Rutgers study looks into iridium's reaction with nickel

<p>Kotiuga said that this results in insulating behavior at these interfaces. The electrons associated with the iridium sites are affected by structural distortions at the interface, resulting in an atypical state for iridium ions.</p>

Kotiuga said that this results in insulating behavior at these interfaces. The electrons associated with the iridium sites are affected by structural distortions at the interface, resulting in an atypical state for iridium ions.


A recent Rutgers study has found that iridium, a periodic table element, may actually “lose its identity” when it reacts with nickel, another periodic table element. This could have larger implications for quantum materials and electronics. 

Michele Kotiuga, a postdoctoral associate in the Department of Physics and Astronomy, spoke on the specifics of this study.

“This study is about what happens at the interfaces superlattices (heterostructures patterns at the nanoscale) of lanthanum nickelate (LaNiO3) and strontium iridate (SrIrO3),” she said. “We found that at the interfaces, up to one electron can transfer across the interface from a nickel site to an iridium site.”

Kotiuga said that this results in insulating behavior at these interfaces. The electrons associated with the iridium sites are affected by structural distortions at the interface, resulting in an atypical state for iridium ions.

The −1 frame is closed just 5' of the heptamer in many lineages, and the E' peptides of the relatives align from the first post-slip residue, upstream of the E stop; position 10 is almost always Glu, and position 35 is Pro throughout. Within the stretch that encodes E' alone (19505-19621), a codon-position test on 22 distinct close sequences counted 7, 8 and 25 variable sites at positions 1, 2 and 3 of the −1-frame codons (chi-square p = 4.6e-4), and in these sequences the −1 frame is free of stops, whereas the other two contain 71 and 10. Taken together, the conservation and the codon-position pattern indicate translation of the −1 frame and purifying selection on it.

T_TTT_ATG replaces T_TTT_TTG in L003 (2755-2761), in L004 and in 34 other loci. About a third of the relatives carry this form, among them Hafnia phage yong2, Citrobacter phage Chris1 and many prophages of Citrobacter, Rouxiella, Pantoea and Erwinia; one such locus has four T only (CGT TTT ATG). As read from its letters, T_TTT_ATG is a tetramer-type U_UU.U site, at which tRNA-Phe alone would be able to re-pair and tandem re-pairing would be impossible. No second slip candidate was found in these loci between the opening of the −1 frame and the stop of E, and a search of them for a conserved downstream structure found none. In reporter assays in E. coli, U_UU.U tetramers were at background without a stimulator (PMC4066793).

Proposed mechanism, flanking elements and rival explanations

Xiaoran Liu, also a postdoctoral associate in the Department of Physics and Astronomy, led the experimental activities of the study. As the first author, he also led the writing of the study’s manuscript.

“Fabrication of the material and the theoretical study were performed at Rutgers University,” he said. “Advanced electronic and magnetic characterizations were performed at Argonne National Laboratory and Lawrence-Berkeley National Laboratory.”

The study began in spring 2017 and was completed in fall 2018, Liu said. It then took another year for writing the manuscript, referee response and final online publication. 

Liu said that one of his biggest interests as a condensed matter physicist is to design and recognize novel quantum states of matter in artificial materials. 

One way to achieve this is to artificially fabricate interface, he said. This is composed of structurally, chemically, electronically and magnetically diverse materials. 

“Iridium and nickel compounds, which individually contain rich striking phenomena are ideal playgrounds,” he said. “Nevertheless, there was no answer about whether such an 'interface' can be experimentally established, not to say what type of novel quantum states can be revealed."


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